CASA <1>: inp(importuvfits)
fitsfile            =         ''  # Name of input UVFITS file
vis                 =         ''  # Name of output visibility file (MS)
antnamescheme       =      'old'  # For VLA only; 'new' or 'old'; 'VA04' or '04' for VLA ant 4

This is straightforward, since all it does is read in a UVFITS file and convert it as best it can into a MS.

For example:

   importuvfits(fitsfile='NGC5921.fits',vis='ngc5921.ms')

ALERT: CARMA data can be loaded into CASA. However,

tb.open("c0104I/ANTENNA",nomodify=False)
namelist=tb.getcol("NAME").tolist()
for i in range(len(namelist)):
 name = 'CA'+namelist[i]
 print ' Changing '+namelist[i]+' to '+name
 namelist[i]=name
 
tb.putcol("NAME",namelist)
tb.close()

2.2.7.2  Import using importfitsidi

Some uvfits data is written in the FITS-IDI standard. Those files can be imported into CASA with the importfitsidi task:

#  importfitsidi :: Convert a FITS-IDI file to a CASA visibility data set
fitsidifile         =       ['']        #  Name(s) of input FITS-IDI file(s)
vis                 = 'ngc5921.demo.ms' #  Name of output visibility file (MS)
constobsid          =      False        #  If True, give constant obs ID==0 to
                                        #   the data from all input fitsidi
                                        #   files (False = separate obs id for
                                        #   each file)
scanreindexgap_s    =        0.0        #  min time gap (seconds) between
                                        #   integrations to start a new scan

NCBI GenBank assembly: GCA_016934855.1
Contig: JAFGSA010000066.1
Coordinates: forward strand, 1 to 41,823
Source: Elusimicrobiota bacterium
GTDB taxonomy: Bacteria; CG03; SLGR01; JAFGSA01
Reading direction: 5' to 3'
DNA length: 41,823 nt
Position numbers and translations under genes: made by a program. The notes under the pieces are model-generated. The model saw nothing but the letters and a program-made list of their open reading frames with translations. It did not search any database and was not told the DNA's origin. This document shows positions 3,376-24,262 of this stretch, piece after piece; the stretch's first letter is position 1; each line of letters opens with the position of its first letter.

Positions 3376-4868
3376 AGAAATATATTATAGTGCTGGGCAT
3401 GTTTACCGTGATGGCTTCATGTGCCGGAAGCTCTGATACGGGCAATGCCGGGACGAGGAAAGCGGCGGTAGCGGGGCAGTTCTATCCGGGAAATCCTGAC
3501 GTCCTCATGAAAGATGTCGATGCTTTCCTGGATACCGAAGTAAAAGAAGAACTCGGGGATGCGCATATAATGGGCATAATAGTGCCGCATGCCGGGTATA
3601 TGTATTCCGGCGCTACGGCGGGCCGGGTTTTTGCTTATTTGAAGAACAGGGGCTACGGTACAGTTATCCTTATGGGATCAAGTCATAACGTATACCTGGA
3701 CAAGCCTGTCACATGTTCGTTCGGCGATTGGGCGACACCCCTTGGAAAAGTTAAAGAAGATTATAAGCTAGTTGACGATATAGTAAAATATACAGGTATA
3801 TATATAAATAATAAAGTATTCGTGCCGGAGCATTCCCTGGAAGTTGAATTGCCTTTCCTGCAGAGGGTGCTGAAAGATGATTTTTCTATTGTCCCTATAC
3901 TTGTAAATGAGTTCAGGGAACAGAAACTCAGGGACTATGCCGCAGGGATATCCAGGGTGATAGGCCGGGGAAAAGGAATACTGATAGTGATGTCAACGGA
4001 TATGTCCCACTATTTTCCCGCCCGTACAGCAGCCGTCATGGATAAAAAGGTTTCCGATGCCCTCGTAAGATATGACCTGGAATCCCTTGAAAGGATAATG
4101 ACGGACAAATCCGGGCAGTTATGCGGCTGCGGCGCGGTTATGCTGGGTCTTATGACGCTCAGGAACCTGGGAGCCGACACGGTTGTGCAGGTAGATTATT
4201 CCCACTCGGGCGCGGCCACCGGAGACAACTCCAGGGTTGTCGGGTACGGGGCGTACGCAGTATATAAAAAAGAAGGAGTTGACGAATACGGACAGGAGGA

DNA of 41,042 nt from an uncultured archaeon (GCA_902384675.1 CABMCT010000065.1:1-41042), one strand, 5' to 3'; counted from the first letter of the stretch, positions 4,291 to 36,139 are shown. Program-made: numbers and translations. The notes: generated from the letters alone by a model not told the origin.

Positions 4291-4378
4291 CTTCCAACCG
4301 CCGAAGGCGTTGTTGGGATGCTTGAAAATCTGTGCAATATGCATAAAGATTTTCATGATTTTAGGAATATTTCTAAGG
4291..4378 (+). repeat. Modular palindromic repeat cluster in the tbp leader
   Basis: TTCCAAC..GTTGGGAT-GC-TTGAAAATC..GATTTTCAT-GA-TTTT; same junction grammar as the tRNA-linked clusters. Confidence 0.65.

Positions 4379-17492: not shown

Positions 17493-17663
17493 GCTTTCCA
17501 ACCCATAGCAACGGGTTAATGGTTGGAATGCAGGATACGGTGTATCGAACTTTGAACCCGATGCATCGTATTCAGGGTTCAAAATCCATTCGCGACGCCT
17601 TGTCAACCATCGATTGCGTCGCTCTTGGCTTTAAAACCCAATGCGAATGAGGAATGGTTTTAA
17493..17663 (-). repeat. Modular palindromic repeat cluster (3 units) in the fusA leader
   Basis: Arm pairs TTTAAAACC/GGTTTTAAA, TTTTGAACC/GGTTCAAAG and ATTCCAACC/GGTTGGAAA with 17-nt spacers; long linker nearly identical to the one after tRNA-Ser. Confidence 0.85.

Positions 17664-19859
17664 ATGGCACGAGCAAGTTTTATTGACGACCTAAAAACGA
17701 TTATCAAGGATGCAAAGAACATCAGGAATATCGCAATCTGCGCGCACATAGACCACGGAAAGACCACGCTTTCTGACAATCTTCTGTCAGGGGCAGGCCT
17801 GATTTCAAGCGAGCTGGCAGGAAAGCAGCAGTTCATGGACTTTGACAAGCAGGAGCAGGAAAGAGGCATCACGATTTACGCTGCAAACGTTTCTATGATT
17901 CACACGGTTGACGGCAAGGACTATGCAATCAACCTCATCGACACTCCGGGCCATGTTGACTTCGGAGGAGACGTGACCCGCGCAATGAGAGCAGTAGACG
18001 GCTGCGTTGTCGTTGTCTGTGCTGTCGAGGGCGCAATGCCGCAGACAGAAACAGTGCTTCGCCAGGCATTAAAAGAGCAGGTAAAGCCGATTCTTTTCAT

The constobs parameter can be used to give all visibilities the same observation id of 0. scanreindexgap_s controls the gap that defines different scans.

Example:

   importuvfits(fitsidifile='NGC1300.fits',vis='NGC1300.ms')

2.2.7.3  Export using exportuvfits

The exportuvfits task will take a MS and write it out in UVFITS format. The defaults are:

#  exportuvfits :: Convert a CASA visibility data set to a UVFITS file:
vis                 =         ''        #  Name of input visibility file
fitsfile            =         ''        #  Name of output UV FITS file
datacolumn          = 'corrected'       #  Visibility file data column
field               =         ''        #  Select field using field id(s) or field name(s)
spw                 =         ''        #  Select spectral window/channels
antenna             =         ''        #  Select data based on antenna/baseline
timerange           =         ''        #  Select data based on time range
avgchan             =          1        #  Channel averaging width (value > 1 indicates averaging)
writesyscal         =      False        #  Write GC and TY tables, (Not yet available)
multisource         =       True        #  Write in multi-source format
combinespw          =       True        #  Export the spectral windows as IFs
     padwithflags   =       True        #  Fill in missing data with flags to fit IFs